Madrid's cathedral took over 100 years to build, due to political conflicts, wars, and a lack of financial resources. ... More
Catedral de la Almudena
Madrid's cathedral took over 100 years to build, due to political conflicts, wars, and a lack of financial resources. According to legend, it's named after the Virgen de la Almudena, whose icon was found during the Reconquest hidden in a house that was called Al Mudena in Arabic. The building's exterior is an example of eclectic 19th-century design. The doors are bronze and there's an image of the Virgen (now Madrid's patron saint) on the façade. The interior is full of light, benefiting from the stained-glass windows and multi-colored ceiling. Its grand Grezing organ is played on Sundays and on holidays.
Very great cathedral in which you may feel the mighty of Spain during the Middle Age.
There are differencies betweem Almudena and the others Roman-Catholic churches in Madrid.
Man can feel this inside the church.There is something "strange",something "out of order".
I can t explain this by words...
I just returned from a trip to Madrid, Spain. I was very excited about seeing the Cathedral de la Almudena, as I enjoy visiting all cathedrals when in Europe. I was unaware that the cathedral was closed due to construction. They are installing a new floor, so only the crypt in the lower level was open. I was very disappointed. Otherwise, Madrid is a beautiful city, the buildings, people, and the shopping were great. I would go back if I had a chance.
I hated it here, there is nothing to do!! It is soooo boring! all you od is walk around in a building all day! I do not recomend going here, but if you really wnat to, then you are in for a big surprise!
Not to slight the place, but we just took a 2-wk guided group tour throughout Spain, and if you are going to see cathedrals in Toledo, Seville, Granada, Barcelona, etc. you could skip this one and spend more time at the Royal Palace next door or walk through Plaza Mayor.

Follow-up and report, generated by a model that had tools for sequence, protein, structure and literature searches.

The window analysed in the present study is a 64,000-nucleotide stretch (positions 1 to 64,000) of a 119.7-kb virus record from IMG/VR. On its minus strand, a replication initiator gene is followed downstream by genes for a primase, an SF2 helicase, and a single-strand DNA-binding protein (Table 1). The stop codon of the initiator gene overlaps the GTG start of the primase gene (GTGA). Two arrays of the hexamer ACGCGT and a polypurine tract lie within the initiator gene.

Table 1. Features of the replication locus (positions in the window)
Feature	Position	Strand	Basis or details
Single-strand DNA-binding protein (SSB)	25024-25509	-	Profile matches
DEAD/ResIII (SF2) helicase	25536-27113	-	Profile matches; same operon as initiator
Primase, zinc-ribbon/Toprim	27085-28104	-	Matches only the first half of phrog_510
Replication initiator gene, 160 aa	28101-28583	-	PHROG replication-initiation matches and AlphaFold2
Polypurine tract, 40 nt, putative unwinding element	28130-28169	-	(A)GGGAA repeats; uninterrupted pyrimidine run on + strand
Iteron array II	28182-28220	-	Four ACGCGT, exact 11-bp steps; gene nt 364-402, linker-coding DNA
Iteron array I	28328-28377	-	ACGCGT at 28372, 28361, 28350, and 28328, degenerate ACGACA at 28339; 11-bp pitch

Its was fun to seee and go to for the evning. It was a funn fore the childen to. We still licked to see the arts a stuff in side the area. I wood have liked to stey longer but i had to get bak to work the next dey.
Madrid's cathedral is located alongside the Royal Palace. It was designed in 1879 by the Marques of Cubas in neo-gothic style and has a romanesque crypt. The construction work was renewed in 1946 by the architects Carlos Sidro and Fernando Chueca Goitia in a neo-baroque style that covered the already built neo-gothic part.
The work was finally terminated in 1993 and the Cathedral was consecrated by Pope John Paul II on the 15th June, 1993.
In Madrid there are a lot of girls called Almudena.
This convent's museum houses an important collection of paintings, sculpture, tapestries, and precious metalwork donated to the order during the
reigns of Carlos I and Felipe II. Highlights include paintings by Zurbarán, Rubens, and Titian, a sculpted sepulcher of ...
A remnant of medieval Madrid, its name comes from its use at that time. This was the square where the
Bishop auctioned off the straw (paja) brought from his farmland near Plasencia in the province of Cáceres. You'll find ...
The largest and most important Catholic church in the city is widely considered a masterpiece of Spanish Renaissance architecture. Construction
started in the 16th century and the interior belongs to this period. However, the main facade is the 18th ...